Anyone know much about what tweaks need to be made to use an AD&D 1st edition with an older edition retro-clone like Labyrinth Lord or Swords and Wizardry? I’ve got a copy of Dwellers of the Forbidden City and I’d love to run it, but I am not sure what the differences would be in terms of monsters. I suppose converting to Swords and Wizardry would be the easiest because there’s that big document of monsters for S&W floating around the internet, so I assume anything in DotFC is written up in there anyway.

But is there any kind of general consensus as to switching around between different retro-clones and other retro games? Just curious.

New D&D Monster: Blight Hulk

Posted in Dungeons & Dragons with tags , , , , , , , , , , , , , , , , , , on June 24, 2011 by Kullervo

Blight Hulk

No. Enc.: 1 (1d3)
Alignment: Chaotic
Movement: 90’ (30’)
Armor Class: 4
Hit Dice: 4+2
Attacks: 2 (slam)
Damage: 1d8/1d8
Save: F4
Morale: 10
Hoard Class: XI
XP: 205

AA looming, 10’ mass of corpses stitched together by black, pustulent vines and roots, a Blight Hulk is a true monstrosity. Apart from its size, a Blight Hulk is immediately distinguishable by its gaping, slack maw lined with teeth of thorns and jagged bone. A Blight Hulk is utterly mindless except for an all-consuming urge to consume and destroy.

Blight Hulks are completely blind and deaf, and can only sense the presence of other creatures within 10’ by the vibrations they create. However, if attached with a missile weapon, a Blight Hulk will charge in the direction of the attack until it finds a target or is attacked from a different direction.

If a Blight Hulk hits a creature smaller than it with both slam attacks, it will shove the target down its gullet, where the target will be jabbed with rows of poisoned spines (automatic 1d6 damage per turn until the target or the Blight Hulk is dead, plus the target must save versus poison or die in 1d4 turns).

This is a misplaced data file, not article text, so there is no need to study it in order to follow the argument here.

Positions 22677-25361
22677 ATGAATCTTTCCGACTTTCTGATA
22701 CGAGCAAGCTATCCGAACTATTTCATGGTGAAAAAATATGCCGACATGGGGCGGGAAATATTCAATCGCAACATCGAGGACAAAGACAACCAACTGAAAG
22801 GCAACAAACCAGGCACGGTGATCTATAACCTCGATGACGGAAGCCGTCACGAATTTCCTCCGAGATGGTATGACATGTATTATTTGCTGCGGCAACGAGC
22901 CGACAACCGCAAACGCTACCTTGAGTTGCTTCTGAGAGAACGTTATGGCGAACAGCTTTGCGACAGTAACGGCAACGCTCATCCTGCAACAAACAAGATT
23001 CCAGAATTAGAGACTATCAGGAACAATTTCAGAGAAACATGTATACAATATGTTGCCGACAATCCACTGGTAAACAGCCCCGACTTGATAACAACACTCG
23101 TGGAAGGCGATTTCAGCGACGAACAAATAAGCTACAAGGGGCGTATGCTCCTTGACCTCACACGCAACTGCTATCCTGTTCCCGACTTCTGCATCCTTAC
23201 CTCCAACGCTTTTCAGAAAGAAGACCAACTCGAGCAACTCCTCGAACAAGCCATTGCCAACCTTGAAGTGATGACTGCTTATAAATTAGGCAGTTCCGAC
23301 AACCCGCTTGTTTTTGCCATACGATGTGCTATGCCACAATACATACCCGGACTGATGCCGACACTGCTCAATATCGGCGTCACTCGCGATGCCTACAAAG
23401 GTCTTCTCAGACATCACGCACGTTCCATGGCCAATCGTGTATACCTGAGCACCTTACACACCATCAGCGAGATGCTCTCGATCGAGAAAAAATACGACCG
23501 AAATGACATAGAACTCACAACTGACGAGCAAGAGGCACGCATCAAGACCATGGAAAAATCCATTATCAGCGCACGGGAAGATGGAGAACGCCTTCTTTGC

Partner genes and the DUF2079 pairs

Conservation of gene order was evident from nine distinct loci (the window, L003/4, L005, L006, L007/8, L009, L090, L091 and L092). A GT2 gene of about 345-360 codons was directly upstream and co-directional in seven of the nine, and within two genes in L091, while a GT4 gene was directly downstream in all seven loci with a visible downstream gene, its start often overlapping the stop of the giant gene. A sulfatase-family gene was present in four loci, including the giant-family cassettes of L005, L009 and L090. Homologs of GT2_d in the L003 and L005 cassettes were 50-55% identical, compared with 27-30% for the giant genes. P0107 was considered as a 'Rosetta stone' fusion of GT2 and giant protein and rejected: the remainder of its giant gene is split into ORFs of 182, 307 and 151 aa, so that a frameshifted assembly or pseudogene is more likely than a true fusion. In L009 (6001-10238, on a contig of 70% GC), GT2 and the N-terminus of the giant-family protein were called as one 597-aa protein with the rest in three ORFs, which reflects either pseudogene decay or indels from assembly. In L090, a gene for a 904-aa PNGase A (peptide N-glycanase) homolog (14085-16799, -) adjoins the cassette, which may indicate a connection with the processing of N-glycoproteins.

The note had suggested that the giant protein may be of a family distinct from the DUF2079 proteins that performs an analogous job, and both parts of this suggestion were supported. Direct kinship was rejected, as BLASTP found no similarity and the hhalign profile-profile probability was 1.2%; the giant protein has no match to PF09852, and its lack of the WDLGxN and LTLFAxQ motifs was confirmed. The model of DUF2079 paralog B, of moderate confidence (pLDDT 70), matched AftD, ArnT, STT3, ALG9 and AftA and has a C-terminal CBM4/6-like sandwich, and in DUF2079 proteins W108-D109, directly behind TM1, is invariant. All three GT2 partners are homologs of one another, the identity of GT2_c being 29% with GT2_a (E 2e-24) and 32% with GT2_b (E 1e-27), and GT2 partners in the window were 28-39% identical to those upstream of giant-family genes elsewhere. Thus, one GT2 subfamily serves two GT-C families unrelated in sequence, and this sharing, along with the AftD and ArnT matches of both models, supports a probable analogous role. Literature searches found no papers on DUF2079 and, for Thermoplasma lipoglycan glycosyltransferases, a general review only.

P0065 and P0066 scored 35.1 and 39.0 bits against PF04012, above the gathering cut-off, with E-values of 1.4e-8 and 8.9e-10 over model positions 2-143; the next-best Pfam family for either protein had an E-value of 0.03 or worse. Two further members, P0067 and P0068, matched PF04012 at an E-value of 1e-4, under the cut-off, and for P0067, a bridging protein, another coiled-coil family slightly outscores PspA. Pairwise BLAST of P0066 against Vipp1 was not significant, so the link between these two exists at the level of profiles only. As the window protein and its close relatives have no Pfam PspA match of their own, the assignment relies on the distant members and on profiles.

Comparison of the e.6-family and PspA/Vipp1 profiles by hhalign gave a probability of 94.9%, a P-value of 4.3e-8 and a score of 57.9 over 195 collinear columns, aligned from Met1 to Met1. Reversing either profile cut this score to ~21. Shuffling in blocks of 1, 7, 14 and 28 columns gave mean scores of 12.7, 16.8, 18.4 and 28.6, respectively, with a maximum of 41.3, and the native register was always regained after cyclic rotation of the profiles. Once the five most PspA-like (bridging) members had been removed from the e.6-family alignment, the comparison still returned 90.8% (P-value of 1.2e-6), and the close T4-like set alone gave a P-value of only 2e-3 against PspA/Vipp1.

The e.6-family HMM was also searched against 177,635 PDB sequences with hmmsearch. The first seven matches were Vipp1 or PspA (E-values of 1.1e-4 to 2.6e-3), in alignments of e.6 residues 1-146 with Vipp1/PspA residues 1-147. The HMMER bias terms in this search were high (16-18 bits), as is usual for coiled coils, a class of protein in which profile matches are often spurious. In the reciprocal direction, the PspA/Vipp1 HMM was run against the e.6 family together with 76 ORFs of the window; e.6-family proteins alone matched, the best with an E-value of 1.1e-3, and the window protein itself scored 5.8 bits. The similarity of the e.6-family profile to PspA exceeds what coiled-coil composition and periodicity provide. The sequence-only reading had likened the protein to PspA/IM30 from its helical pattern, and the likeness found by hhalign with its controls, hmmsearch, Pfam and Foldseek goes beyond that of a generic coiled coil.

Like ordinary Blightlings, Blight Hulks are undead (and thus immune to charm, hold person and sleep) but are generally immune to turning by a cleric, except by clerics that specifically serve deities of nature or nature itself.

Illustration by David Deitrick

D&D: Monster Motivations

Posted in Dungeons & Dragons with tags , , , , , , , , , , , , , , , , , , , , , , , , , , on June 23, 2011 by Kullervo

This was my entry for Fight On!’s fantasy gaming tables contest, spruced up and tweaked a bit since the initial entry.

Roll a d% on this table for a monster or group of monsters to discover what its primary motivation is when it encounters a group of player characters.  Roll a d% on the most appropriate column, depending on if the monster is Chaotic, Neutral or of low (animal) intelligence.

Chaotic

Neutral

Animal Intelligence